Phishing, don’t get caught


June 1st, 2020

Cyber criminals are exploiting the uncertainty and anxieties of remote working across the world, and over the past week, staff and students have reported multiple phishing emails.

Each one has now been dealt with by our IT security team.

Malicious emails including spam, viruses, malware and phishing attacks can potentially cause significant damage to University data and could also have significant personal impact, including financial consequences. They might appear to come from the University so please be careful.

It is very important that you do not click any links, open suspicious attachments or respond to these types of emails, and never supply personal or bank details to people you do not know.

How to report
If you think you have received a phishing email or are unsure, please contact the IT Service Desk immediately.

If you are concerned (e.g. you responded to a suspected phishing email) or you need to report this outside normal service hours (08:00 until 18:00 Monday to Friday), please telephone 0115 95 16677, which is available 24/7.

If you have clicked on a link or downloaded a suspicious file, please change your University password, security questions on IT Accounts and then contact the IT Service Desk. Details of known phishing attempts are provided on our IT Status page.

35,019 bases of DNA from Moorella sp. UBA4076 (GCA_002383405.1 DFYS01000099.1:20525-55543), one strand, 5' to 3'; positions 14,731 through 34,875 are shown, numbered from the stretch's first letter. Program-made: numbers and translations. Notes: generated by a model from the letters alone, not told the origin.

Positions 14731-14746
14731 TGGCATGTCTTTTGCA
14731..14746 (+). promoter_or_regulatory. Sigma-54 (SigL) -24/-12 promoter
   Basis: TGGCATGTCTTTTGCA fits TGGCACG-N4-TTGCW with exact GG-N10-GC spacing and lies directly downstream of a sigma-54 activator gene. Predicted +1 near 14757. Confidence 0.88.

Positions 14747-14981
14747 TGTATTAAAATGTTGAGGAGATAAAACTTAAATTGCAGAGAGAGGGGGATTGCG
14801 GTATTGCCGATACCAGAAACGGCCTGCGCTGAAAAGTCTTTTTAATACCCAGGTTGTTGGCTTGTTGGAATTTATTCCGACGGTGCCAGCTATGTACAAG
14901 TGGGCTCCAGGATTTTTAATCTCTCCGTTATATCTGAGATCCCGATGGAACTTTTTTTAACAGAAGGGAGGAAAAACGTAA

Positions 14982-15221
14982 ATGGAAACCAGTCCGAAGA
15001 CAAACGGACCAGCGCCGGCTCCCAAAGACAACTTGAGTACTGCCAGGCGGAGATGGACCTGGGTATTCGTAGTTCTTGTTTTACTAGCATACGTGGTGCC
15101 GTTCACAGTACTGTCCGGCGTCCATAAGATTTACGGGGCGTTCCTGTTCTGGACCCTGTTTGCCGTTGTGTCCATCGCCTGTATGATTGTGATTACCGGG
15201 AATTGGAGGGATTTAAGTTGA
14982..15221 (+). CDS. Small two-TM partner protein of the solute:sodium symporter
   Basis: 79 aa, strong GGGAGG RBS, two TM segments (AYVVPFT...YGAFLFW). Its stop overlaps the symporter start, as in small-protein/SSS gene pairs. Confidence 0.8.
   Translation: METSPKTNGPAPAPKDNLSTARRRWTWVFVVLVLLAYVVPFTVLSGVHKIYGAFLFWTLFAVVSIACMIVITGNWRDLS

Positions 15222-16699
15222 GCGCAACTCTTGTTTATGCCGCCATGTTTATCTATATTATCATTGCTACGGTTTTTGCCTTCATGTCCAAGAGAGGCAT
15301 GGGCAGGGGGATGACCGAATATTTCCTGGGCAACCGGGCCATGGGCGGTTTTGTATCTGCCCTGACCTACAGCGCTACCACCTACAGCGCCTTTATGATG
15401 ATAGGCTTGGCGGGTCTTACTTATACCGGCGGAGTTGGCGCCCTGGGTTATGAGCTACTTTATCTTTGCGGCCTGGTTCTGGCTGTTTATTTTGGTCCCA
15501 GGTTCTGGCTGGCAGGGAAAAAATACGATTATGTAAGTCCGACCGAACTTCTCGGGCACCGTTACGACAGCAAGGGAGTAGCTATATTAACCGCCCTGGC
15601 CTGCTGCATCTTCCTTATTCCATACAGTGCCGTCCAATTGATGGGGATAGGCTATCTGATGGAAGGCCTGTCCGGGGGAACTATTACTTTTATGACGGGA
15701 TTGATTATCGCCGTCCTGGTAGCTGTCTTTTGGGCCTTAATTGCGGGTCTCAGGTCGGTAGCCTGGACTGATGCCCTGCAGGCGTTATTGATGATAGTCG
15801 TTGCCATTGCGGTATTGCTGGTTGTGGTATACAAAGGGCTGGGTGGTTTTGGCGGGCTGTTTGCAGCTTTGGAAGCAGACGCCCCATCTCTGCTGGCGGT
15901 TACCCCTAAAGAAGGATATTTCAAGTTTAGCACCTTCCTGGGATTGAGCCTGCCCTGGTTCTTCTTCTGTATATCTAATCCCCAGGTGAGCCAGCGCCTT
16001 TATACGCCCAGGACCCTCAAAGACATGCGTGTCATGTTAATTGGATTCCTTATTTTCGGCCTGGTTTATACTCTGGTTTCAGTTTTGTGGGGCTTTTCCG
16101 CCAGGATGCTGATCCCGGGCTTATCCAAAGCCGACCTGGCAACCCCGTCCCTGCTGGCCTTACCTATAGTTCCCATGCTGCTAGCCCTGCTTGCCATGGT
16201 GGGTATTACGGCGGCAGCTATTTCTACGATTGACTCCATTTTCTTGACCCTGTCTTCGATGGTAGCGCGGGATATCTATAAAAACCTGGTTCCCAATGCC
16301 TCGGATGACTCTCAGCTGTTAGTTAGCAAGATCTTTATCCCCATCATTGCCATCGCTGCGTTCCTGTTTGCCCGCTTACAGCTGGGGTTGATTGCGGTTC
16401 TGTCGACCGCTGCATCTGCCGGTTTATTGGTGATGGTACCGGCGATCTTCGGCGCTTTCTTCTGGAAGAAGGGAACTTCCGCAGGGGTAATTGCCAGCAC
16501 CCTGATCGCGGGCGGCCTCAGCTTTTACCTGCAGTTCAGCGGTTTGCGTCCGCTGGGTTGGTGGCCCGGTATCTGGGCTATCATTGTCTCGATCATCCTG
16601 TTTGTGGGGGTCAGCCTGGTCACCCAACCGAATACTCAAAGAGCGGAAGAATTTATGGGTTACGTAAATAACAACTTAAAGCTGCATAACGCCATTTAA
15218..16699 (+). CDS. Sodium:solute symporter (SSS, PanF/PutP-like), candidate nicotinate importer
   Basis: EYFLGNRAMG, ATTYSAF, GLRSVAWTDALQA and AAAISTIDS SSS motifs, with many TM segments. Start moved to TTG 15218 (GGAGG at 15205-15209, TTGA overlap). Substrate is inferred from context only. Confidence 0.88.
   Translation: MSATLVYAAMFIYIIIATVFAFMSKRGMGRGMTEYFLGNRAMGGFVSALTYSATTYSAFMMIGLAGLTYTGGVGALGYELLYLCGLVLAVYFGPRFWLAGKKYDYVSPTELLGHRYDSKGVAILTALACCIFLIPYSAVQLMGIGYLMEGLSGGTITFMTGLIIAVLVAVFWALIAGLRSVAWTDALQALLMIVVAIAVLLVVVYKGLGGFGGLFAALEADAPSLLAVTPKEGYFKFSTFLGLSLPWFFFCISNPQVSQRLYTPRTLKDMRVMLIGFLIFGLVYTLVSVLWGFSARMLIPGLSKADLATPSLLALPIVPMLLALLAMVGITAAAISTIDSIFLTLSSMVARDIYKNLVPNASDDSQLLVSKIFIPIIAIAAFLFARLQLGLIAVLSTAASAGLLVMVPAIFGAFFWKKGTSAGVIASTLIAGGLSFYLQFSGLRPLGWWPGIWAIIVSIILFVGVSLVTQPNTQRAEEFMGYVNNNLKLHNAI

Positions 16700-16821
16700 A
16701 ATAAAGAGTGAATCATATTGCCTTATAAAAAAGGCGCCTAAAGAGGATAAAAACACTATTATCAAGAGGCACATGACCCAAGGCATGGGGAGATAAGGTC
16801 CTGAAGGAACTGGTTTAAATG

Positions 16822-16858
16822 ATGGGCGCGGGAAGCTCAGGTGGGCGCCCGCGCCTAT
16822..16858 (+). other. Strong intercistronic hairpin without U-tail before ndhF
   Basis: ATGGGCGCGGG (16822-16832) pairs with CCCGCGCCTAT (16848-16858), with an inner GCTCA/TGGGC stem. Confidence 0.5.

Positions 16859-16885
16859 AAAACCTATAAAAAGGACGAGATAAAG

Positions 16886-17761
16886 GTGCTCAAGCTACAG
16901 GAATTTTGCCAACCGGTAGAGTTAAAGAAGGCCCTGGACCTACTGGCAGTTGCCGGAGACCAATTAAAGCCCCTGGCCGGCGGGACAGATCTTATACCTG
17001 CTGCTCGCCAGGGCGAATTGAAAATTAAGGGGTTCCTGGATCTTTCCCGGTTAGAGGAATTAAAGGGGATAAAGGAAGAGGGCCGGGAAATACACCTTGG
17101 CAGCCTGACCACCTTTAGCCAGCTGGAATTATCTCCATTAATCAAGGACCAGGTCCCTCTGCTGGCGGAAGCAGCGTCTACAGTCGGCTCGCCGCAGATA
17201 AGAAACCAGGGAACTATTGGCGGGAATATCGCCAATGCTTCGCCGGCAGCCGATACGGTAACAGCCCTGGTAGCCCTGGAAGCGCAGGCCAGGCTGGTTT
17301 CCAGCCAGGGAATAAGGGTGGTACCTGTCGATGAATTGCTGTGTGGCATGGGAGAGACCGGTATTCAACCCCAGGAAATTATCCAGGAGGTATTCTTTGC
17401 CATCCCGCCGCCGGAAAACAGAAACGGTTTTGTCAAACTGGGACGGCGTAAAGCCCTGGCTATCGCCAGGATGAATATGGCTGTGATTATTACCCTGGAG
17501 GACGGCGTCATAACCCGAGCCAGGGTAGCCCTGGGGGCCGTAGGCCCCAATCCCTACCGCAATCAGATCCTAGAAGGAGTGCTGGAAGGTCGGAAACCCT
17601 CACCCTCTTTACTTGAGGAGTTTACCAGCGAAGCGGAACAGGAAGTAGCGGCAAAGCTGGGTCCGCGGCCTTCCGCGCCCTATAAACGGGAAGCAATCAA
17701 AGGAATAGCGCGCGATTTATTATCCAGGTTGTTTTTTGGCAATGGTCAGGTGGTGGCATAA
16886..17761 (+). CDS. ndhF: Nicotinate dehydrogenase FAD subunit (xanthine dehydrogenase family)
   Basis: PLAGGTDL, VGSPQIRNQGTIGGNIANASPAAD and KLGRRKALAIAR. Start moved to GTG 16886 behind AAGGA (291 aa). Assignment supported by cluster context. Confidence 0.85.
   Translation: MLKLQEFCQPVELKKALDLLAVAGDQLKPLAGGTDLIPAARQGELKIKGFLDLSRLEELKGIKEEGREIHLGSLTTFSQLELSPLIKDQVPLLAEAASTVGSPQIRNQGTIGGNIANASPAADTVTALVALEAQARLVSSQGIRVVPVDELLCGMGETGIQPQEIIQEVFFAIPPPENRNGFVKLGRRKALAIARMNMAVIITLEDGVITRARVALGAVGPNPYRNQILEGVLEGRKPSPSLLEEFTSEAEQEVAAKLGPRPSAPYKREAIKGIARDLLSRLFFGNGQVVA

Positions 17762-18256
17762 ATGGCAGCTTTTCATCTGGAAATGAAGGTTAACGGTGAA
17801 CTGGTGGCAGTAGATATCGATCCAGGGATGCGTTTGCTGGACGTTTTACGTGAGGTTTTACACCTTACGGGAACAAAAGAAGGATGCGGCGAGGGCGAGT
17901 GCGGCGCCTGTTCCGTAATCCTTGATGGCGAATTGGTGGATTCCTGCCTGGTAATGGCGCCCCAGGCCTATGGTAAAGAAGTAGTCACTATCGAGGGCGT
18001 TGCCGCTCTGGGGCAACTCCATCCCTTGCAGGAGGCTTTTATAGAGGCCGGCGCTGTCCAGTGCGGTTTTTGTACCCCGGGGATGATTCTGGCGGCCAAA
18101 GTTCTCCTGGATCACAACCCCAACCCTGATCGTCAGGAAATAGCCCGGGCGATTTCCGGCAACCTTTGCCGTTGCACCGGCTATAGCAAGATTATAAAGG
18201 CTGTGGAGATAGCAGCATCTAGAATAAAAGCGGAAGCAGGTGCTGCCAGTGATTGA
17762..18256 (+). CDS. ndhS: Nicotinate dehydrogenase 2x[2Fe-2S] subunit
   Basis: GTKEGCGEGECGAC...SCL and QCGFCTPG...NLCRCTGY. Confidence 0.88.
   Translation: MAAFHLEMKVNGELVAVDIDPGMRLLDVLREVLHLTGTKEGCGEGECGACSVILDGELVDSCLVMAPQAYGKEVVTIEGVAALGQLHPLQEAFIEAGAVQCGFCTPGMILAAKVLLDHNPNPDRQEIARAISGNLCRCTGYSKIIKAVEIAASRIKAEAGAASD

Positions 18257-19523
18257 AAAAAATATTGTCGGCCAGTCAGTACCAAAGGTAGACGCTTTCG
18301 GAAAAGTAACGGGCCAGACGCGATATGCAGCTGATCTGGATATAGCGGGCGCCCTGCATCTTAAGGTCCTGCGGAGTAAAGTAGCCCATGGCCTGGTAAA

Please be vigilant – what to look out for
Check the IT Status page for any reported phishing emails and always look out for the following:

  • Are you expecting the email? If not, be very cautious.
  • Does the email start with a generic opening such as “Dear Valued Customer”? If so, be very cautious.
  • Look for spelling and grammatical mistakes.
  • Does it ask for personal information such as your PIN, password or bank details? Does it ask you to download something or update your IT or email account? Be wary of either of these.
  • Is it offering refunds for events, cancelled flights etc? Be wary – and don’t enter your bank details.
  • Look at the sender’s domain name, i.e. the last bit of the email address, even if it looks to be trustworthy, e.g. from @nottingham.ac.uk it can still be a phishing email from a compromised account.
  • If there’s a link, hover over it and check it is genuine before clicking.
  • If you have any doubt whether it is genuine, don’t click on the link or download anything but contact the IT Service Desk.

Further information about phishing and scam emails, along with some top tips, is provided in an article here.

For more information on how to spot a phishing attempt, please read our phishing advice website and Digital Network blog.

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